We picked most of our cucumbers recently so I'll be dusting down the cucumber relish recipes shortly.
Monday, 21 October 2013
We took our goats up to Marley Hill Community Centre, in the next village up the road from us, last Friday. I am a trustee of the building and I have a plan to turn the unused land to the side and rear of the building (of which there is a large amount) into community gardens and allotments. The land has not been used for years and is overgrown. We have many hurdles to jump and hoops to get through before we can properly proceed with the plan but plan or not, the grass and weeds need cutting back and that was a job my goats were very happy to carry out.
Meanwhile, we have given the goats a mineral lick. Hopefully this will stop the goats licking my forehead whenever they get the chance!
No need to throw away your potato peelings! We turn ours into crisps. We sprinkle them with curry powder and put them in the oven for about 15 minutes. They need to be eaten quickly once they come out of the oven as they tend to go soggy quickly - as I discovered a couple of years ago on live radio when I was asked to come in to talk about wartime foods (this is a wartime recipe). Discovering live on air that crisps are not very crisp 3 hours after they have been made was an interesting experience! Nevertheless, these are an excellent snack without all the fat that comes with commercially produced crisps.
This soup was the result of another of our clearing out sessions, this time in the freezer. We had some kippers and some white fish that had been frozen some time ago. Time to create badly needed space in the freezer. The other reason for making the soup was to use up the stock I had made from the fish bones, skin and head from the trout we had the other day. There was no room in the freezer for the stock so it had to be used up immediately. It had set well, as you can see from the photo above. The vegetables added were potatoes and leeks.
This vegetable korma came about because of a need to use up some fresh vegetables from the allotment and clear out the cupboards at home of the food we got from the supermarkets from the days when we went shopping. The korma sauce came in a jar (which will be reused for our jam making). We will be making more kormas in the future but the plan is not to buy the sauces but make them ourselves.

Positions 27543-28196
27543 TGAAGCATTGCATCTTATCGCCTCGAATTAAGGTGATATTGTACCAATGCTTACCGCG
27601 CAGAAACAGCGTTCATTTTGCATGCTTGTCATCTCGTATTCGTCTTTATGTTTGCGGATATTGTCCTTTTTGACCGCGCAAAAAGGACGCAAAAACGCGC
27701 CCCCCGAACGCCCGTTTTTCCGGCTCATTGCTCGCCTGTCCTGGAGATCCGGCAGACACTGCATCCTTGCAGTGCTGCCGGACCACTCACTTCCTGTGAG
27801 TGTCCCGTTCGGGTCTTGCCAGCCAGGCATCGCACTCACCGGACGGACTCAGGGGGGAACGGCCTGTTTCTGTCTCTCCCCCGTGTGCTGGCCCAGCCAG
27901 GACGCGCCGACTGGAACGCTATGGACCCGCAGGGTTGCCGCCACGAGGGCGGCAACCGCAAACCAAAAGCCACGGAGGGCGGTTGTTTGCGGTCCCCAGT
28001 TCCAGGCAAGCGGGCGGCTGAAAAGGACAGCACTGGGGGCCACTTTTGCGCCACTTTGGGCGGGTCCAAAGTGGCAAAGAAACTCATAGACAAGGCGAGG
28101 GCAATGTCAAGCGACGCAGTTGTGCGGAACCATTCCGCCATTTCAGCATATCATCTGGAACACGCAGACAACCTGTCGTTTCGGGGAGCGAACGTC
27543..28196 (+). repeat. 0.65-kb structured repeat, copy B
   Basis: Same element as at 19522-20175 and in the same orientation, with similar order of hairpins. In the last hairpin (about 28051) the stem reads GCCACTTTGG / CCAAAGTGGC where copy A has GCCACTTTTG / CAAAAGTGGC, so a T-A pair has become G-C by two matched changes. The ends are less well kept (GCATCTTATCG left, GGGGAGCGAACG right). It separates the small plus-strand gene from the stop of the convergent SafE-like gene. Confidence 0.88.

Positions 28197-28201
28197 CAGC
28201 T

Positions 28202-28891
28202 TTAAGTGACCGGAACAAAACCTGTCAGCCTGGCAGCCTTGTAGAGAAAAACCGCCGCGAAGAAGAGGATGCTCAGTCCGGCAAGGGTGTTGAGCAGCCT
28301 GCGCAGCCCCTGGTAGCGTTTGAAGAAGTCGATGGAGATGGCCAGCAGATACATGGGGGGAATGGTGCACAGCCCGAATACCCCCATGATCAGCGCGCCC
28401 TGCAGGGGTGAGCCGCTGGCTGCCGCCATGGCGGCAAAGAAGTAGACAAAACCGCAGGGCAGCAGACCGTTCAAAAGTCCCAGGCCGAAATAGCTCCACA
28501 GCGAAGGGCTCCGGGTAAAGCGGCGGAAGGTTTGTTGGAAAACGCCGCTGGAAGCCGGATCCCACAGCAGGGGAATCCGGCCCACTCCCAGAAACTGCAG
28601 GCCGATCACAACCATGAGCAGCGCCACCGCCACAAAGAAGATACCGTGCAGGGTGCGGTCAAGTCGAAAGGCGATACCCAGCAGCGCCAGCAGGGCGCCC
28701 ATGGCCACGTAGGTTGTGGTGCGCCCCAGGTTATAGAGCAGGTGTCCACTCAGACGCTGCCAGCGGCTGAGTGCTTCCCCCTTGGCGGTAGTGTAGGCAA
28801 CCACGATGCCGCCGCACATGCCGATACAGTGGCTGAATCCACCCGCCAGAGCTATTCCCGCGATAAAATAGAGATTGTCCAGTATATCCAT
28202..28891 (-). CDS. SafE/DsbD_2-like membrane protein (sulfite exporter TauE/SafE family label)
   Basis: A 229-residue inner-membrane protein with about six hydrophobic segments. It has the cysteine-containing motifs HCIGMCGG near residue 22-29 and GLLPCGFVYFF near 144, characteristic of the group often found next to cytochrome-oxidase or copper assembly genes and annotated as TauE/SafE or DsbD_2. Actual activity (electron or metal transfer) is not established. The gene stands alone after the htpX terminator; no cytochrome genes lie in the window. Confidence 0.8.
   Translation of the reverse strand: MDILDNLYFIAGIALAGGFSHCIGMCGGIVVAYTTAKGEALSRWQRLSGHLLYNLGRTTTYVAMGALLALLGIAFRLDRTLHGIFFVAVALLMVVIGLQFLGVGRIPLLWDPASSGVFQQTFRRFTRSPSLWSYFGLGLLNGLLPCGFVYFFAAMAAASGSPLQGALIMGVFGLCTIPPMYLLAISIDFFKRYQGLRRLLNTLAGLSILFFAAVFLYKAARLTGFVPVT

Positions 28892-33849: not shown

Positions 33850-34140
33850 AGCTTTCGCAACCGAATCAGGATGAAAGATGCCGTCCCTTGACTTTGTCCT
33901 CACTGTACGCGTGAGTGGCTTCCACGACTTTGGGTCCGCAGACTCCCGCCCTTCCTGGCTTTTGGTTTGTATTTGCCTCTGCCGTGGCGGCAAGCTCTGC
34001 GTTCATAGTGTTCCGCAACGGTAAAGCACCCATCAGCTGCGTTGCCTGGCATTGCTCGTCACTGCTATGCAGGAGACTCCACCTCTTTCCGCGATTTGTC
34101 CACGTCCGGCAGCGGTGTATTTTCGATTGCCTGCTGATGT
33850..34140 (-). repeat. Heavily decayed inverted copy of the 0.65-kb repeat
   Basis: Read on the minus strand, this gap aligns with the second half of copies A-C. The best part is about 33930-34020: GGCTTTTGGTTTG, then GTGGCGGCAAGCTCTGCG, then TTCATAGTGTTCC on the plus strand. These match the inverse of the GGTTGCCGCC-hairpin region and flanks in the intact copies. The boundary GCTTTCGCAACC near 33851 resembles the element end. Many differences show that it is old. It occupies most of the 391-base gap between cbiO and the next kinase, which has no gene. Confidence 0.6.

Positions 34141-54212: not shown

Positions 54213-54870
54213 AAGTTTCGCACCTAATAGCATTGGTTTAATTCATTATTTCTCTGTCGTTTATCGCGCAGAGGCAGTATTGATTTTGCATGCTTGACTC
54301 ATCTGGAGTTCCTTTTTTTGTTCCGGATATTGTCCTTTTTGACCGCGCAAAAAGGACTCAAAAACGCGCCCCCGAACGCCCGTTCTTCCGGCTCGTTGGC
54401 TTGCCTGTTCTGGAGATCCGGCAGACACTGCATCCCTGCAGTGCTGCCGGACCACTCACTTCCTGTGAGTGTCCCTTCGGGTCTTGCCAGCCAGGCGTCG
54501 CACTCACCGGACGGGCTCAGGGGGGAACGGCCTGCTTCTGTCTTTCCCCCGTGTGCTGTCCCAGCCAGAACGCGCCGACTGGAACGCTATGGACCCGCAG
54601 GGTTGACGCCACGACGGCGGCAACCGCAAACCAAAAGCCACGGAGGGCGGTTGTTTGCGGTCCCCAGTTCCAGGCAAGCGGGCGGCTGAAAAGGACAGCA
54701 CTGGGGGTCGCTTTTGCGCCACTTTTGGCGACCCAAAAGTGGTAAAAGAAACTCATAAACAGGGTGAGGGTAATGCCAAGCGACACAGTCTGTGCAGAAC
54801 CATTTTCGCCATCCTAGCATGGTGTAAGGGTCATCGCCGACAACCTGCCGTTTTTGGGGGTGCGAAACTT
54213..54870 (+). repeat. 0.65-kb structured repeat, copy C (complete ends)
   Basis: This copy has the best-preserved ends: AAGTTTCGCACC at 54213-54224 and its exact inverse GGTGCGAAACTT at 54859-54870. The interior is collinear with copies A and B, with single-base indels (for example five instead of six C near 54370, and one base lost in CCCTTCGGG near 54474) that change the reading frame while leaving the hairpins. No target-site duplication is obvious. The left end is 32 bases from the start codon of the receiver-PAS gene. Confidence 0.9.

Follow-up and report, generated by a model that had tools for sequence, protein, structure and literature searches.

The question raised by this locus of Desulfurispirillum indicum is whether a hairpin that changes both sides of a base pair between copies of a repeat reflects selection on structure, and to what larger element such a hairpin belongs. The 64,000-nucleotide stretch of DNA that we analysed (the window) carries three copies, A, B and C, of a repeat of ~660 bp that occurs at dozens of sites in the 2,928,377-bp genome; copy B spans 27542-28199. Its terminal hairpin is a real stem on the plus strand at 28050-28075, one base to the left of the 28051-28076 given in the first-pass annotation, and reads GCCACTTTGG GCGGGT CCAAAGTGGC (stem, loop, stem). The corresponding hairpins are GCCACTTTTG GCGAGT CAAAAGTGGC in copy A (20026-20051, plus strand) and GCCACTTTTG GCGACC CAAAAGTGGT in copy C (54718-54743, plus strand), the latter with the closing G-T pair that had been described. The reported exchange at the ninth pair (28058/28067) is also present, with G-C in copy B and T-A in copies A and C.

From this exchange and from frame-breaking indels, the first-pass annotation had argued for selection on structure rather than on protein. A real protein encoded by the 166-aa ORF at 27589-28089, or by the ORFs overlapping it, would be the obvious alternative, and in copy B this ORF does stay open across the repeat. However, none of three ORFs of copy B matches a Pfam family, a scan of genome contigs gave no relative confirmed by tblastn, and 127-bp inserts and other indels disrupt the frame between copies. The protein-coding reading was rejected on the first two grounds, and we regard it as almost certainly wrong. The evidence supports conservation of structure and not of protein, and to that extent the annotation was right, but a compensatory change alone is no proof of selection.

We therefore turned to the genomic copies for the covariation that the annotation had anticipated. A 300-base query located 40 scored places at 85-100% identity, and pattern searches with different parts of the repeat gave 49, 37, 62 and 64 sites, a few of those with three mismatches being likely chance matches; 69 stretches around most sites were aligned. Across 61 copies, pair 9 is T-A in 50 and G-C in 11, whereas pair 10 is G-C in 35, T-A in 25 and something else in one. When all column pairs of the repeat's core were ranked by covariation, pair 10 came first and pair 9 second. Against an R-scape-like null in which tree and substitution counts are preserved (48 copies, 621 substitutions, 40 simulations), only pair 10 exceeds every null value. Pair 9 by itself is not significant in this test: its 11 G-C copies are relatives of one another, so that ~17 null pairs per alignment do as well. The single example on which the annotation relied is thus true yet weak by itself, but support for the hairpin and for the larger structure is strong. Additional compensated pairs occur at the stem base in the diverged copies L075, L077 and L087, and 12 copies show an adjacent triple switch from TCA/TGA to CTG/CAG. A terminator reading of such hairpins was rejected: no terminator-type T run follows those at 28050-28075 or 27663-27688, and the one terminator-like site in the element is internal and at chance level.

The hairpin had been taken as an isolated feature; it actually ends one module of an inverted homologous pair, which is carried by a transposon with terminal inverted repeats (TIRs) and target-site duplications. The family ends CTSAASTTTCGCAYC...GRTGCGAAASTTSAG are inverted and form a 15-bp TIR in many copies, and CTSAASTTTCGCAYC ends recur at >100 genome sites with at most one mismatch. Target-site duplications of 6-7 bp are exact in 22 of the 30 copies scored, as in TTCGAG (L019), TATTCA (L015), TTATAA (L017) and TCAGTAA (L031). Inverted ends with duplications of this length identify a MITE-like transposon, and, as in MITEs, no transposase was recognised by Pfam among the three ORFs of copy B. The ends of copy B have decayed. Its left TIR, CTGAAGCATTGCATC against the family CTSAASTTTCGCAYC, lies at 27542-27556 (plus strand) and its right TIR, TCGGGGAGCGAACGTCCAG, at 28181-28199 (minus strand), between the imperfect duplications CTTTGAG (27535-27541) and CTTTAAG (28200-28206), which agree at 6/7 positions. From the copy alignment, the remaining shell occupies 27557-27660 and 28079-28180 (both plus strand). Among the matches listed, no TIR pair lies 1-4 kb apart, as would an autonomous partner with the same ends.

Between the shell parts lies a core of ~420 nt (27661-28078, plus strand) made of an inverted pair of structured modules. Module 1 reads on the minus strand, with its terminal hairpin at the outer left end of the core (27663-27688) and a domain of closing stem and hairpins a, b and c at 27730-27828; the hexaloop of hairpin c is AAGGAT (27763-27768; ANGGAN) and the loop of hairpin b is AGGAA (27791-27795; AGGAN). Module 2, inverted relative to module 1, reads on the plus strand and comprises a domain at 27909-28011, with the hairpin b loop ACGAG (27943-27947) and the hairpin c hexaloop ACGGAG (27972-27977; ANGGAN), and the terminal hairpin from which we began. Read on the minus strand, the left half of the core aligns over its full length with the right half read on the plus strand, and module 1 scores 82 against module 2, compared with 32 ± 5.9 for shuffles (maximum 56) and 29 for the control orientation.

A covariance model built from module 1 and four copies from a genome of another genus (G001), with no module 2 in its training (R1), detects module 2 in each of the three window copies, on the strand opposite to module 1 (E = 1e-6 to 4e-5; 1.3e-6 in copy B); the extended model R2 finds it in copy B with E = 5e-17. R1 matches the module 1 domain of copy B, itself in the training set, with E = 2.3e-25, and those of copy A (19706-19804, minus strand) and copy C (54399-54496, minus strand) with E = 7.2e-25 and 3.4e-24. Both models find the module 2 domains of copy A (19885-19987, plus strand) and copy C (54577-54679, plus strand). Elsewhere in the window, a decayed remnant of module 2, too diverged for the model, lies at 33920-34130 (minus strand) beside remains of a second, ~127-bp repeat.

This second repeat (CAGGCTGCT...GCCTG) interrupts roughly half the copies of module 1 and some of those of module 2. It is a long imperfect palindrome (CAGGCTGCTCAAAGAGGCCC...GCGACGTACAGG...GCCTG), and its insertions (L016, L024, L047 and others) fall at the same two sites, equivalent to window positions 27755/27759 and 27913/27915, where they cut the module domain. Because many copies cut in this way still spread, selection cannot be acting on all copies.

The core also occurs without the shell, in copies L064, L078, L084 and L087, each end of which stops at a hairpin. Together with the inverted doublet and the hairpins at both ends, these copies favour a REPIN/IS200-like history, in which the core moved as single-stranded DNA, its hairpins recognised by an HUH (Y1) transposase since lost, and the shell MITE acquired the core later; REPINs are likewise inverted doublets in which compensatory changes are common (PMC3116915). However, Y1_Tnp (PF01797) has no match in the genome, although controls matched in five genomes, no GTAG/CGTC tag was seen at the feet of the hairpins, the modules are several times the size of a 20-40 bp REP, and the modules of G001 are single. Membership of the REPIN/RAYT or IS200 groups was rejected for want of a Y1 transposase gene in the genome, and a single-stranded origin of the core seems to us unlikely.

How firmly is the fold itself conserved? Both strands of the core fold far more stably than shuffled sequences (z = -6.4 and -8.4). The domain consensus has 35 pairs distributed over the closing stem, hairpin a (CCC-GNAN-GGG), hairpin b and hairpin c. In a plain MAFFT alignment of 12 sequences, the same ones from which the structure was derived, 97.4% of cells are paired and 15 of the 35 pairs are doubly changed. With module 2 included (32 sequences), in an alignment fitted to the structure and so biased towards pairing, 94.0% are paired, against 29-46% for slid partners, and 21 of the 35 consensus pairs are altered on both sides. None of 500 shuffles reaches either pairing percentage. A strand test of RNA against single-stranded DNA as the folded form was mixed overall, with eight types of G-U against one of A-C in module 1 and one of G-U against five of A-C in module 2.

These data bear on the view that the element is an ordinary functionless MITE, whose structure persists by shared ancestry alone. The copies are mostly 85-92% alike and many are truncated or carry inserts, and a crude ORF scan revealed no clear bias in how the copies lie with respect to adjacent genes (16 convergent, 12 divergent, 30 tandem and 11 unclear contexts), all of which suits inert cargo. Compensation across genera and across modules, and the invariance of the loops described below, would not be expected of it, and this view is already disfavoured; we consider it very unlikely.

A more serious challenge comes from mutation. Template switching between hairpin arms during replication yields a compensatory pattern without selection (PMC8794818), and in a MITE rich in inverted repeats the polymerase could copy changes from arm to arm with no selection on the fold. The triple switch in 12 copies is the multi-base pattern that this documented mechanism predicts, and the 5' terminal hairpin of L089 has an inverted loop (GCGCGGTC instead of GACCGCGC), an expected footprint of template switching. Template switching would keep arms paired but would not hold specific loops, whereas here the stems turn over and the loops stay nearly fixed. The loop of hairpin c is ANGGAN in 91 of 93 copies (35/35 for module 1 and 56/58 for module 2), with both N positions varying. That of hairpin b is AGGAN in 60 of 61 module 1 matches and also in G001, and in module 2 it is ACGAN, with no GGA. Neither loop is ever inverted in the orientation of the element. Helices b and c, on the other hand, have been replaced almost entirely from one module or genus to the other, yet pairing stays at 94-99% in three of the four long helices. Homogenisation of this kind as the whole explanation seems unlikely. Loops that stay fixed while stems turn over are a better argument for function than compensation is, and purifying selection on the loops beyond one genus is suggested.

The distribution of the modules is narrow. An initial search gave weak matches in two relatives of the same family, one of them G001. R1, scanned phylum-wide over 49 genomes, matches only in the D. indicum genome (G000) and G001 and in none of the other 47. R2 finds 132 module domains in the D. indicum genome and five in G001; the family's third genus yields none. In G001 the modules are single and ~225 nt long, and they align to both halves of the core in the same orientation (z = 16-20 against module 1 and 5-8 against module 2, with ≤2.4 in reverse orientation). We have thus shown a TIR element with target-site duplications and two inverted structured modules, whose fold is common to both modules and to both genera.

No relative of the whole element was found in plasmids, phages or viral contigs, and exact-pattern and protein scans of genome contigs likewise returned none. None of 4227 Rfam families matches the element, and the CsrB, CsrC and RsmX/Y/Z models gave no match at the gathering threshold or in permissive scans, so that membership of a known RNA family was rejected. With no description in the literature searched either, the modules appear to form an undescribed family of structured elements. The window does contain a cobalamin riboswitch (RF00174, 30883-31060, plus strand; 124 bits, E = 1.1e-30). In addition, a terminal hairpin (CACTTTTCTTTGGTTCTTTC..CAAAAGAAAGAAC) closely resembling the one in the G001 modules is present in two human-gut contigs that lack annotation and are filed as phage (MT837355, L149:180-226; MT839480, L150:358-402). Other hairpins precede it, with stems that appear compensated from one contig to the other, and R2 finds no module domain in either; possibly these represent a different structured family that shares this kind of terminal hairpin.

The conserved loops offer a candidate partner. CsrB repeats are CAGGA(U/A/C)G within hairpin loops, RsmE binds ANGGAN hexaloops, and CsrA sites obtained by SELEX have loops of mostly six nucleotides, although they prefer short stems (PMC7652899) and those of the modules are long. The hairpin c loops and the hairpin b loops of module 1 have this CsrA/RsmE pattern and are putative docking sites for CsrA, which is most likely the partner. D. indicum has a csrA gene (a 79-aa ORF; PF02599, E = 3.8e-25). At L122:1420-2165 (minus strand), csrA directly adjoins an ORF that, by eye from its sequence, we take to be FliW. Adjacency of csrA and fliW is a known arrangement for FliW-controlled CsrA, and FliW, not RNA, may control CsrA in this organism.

Friday, 18 October 2013
A large number of ripe tomatoes needed to be preserved so I opted for pickling them this evening. The tomatoes were pierced with a skewer so that the pickling solution could penetrate them. They were then packed into pickling jars. The pickling solution was 400 ml water, 400 ml white vinegar, 2 tbs salt, 2 tbs sugar, a few cloves, peppercorns and coriander seeds. They were boiled for about 3 minutes and then poured hot into the jars. We'll use the tomatoes over the winter.
Thursday, 17 October 2013
Some feral nasturtiums were growing on the potato bed until Saturday when I stripped them out. Instead of putting them on the compost heap, I took them home to use in cooking. Nasturtium leaves have a peppery taste and are good in salads. However, I discovered that they are great in omelettes. The extra peppery taste goes well with the eggs.
The wine we set away recently is now brewing well in demijons. It will be a few weeks yet before we can even consider the next stage in the process. We also found an old can of blackberry juice specifically manufactured for making into wine. It was part of a wine making kit so we have set it away as well. And this afternoon I picked another bucket of elderberries which will be made into wine shortly (after a period spent in the freezer as I am too busy over the next few days to do it straight away).
Tuesday, 15 October 2013
I recently pickled runner beans rather than freeze or salt them. It will be a few weeks yet before we try them. In this video I show you the recipe we use. Since then I have made more pickled runner beans, this time using more sugar and spice in the vinegar and chopping them into 2cm long slices. They went into jars this evening. I'll give them a few weeks as well before trying them.